Forensic Psychology Minor
One Required Foundation Course (3 credits)
- PSYC 1201 General Psychology
Two Required Major courses – (6 credits) from the following:
- PSYC2210 Statistics
- PSYC2204 Child Development
- PSYC2234 Social Psychology
- PSYC2211 Research Methods [Prerequisite: PSYC2201 Statistics or equivalent in major (e.g., DSCI2130 Business Statistics)]
- PSYC3005 Abnormal Psychology
- PSYC3015 Theories of Personality
Two Forensic Psychology Track Courses – (6 credits) from the following:
- PSYC3305 Adolescent Growth and Development
- PSYC3317 Psychology and the Law
- PSYC3319 World of the Psychopath or an approved CRIM course
- PSYC3421 Psychology of Criminal Behavior [Prerequisite: PSYC3005 Abnormal Psychology]
Students who are majoring in psychology are not permitted to enroll in this minor. Psychology majors may elect to complete the forensic psychology track within their major and must complete a minor in another area.
There is an interdisciplinary Forensics minor. This minor consists of courses in psychology, criminology, sociology, and biology. It is not a psychology-specific minor.
Minors are optional on Florham.
DSCI2130 Second semester of a two-semester sequence in business statistics. Topics include confidence interval, hypothesis testing, simple and multiple regression, and analysis of variance. Business data is analyzed using Excel spread sheets. Emphasis is on understanding, interpreting statistical information and explaining statistical ideas to non-specialists.
PSYC1201 An introduction to basic and essential principles and practices of contemporary psychology. Topics included are psychological methods, motivation, emotion, perception, learning, thinking, problem-solving, intelligence, personality development. Fall, Spring
PSYC2201 Statistical concepts and procedures, with emphasis on descriptive statistics and an introduction to inferential statistics. Relevance to behavioral sciences.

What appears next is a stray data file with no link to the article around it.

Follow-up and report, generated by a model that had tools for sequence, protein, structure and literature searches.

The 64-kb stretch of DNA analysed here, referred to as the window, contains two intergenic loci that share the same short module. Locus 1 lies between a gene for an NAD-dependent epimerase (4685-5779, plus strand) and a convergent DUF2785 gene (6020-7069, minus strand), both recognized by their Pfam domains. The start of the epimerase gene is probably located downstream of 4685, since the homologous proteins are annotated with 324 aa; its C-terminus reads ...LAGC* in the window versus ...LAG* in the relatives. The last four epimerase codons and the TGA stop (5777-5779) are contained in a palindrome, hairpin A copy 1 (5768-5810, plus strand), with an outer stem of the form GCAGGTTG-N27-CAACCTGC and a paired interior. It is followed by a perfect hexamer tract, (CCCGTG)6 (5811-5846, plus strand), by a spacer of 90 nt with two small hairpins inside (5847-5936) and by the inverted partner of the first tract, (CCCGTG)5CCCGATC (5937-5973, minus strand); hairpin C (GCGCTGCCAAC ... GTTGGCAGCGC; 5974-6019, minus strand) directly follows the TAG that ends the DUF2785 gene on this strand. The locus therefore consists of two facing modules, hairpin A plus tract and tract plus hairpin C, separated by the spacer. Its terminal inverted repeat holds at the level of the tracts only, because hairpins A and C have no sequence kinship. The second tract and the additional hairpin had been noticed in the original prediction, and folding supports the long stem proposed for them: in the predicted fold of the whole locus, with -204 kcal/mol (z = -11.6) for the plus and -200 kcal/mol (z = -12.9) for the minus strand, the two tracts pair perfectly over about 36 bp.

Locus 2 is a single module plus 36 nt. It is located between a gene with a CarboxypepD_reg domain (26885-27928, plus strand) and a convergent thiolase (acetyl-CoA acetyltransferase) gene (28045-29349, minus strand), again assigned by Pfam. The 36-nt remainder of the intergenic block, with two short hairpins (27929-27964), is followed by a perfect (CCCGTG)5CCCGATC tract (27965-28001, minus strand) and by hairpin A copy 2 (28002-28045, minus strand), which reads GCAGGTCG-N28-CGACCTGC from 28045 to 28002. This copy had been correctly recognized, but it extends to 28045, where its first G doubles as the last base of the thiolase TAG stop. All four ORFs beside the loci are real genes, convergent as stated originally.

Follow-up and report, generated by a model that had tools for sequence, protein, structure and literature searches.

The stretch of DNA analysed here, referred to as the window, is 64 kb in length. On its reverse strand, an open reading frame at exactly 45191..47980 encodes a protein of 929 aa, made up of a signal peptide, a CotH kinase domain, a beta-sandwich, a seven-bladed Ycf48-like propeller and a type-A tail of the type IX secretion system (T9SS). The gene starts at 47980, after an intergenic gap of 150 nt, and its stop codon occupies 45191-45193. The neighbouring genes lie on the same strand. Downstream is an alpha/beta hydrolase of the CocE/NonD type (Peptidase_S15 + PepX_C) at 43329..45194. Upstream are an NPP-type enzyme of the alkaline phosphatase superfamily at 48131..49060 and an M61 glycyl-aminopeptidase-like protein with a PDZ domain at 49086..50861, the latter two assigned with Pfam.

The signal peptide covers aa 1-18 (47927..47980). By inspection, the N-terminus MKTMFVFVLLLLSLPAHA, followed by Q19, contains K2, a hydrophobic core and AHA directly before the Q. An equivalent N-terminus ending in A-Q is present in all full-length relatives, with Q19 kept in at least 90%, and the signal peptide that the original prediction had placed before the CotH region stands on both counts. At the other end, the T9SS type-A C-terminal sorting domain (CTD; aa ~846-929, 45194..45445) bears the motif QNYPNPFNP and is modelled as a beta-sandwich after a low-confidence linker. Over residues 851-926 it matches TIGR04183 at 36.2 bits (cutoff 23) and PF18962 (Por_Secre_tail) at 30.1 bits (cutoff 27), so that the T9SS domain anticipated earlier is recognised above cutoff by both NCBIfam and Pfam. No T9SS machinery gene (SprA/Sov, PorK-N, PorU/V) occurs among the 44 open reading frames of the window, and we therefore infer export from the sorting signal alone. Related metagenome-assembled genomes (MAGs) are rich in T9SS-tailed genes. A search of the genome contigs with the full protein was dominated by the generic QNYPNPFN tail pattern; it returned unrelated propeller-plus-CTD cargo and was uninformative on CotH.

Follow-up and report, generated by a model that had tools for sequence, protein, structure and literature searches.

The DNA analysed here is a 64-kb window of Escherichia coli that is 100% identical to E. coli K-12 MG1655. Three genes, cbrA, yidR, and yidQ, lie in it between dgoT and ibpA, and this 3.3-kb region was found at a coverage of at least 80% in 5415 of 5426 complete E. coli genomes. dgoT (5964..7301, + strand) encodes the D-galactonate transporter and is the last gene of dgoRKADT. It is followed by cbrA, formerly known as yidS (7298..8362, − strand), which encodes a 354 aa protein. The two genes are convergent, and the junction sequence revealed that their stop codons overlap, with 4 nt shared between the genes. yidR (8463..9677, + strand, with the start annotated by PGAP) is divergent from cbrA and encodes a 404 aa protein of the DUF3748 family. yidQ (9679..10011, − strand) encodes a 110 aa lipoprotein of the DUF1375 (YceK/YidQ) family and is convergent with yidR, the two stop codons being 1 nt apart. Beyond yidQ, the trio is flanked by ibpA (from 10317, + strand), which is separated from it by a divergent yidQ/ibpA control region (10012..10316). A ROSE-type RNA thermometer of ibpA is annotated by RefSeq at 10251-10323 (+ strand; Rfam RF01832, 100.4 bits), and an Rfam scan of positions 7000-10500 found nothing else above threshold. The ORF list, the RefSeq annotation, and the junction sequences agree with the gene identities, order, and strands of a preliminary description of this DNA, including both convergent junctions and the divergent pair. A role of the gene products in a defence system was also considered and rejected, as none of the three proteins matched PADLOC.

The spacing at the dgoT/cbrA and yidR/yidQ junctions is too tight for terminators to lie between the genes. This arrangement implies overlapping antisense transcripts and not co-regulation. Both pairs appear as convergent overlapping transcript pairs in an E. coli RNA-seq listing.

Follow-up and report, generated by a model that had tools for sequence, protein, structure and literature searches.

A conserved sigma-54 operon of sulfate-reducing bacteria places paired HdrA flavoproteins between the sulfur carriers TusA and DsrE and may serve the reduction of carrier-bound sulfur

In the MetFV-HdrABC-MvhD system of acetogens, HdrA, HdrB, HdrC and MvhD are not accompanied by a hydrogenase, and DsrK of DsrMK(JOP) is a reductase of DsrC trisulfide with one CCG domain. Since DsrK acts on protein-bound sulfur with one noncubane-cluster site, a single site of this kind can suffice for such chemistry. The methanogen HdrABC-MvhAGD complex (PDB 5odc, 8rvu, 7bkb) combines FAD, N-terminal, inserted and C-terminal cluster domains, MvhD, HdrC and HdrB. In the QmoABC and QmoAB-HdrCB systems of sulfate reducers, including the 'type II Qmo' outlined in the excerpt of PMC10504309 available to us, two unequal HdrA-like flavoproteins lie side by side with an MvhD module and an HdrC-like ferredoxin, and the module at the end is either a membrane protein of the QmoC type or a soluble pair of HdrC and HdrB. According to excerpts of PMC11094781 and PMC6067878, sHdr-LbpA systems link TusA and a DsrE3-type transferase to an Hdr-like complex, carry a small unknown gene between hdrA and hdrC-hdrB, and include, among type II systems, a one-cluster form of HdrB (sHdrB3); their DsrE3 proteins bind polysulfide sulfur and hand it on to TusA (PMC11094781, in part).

PSYC2204 Growth and development of children in terms of sensorimotor, intellectual and social behavior. Scientific findings and theoretical viewpoints presented with implications concerning the child for the family, school and community.
PSYC2210 An introduction to the basic descriptive and inferential statistic procedures that are useful to the psychologist in the design and analysis of research. Included are t test, analysis of variance, correlational and nonparametric methods. A two-hour weekly laboratory provides practical experience with these procedures. Fall
PSYC2211 An introduction to the methods of scientific experimentation in psychology by means of laboratory experiments, studies of problems in design and control of experiments and analysis of the experimental literature. A two-hour weekly laboratory will provide experience in designing, running and reporting experiments in various areas of psychology. Spring
PSYC2234 Representative theories and selected problems concerning determinants of social behavior. Socialization, attitude structure and change, social norms, prejudice, leadership and group dynamics.
PSYC3005 A study of the long-standing and serious forms of mental disturbance, including character disorders, brain damage, retardation and psychotic processes; central focus on classification, dynamics, symptoms and treatment, with practical experience as a companion to mental patients. Fall
PSYC3015 A survey of different approaches to personality theory, with some attention placed on empirical studies within context of the various theories. Fall or Spring
PSYC3305 Factors contributing to adolescent mental health, behavior and adjustment are covered. Developmental characteristics, the impact of culture as well as intra- and interpersonal issues are inte- grated into the understanding of adolescent functioning. Risk factors particularly associated with juvenile delinquency and conduct disorder are emphasized, examining etiology, prevention and treatment.
PSYC3317 Application of psychological principles to legal problems. Analysis and implications of court decisions. Current controversies: insanity defense, jury selection, persuasive techniques, sentencing, competency, use of hypnosis, capital punishment, psychological testing. Conducting forensic inter- views will be incorporated.
PSYC3319 This course will provide students with a broad overview on psychopathy focusing on key elements of this ?condition? and dismissing myths associated with it.
PSYC3421 The psychological bases and dynamics of criminal behavior. Use of cases from the forensic psychology literature to illus- trate various theoretical and explanatory aspects of criminal behavior. Emphasis on the relationships between various psycho- pathological conditions, personality disorders and criminal and antisocial behavior.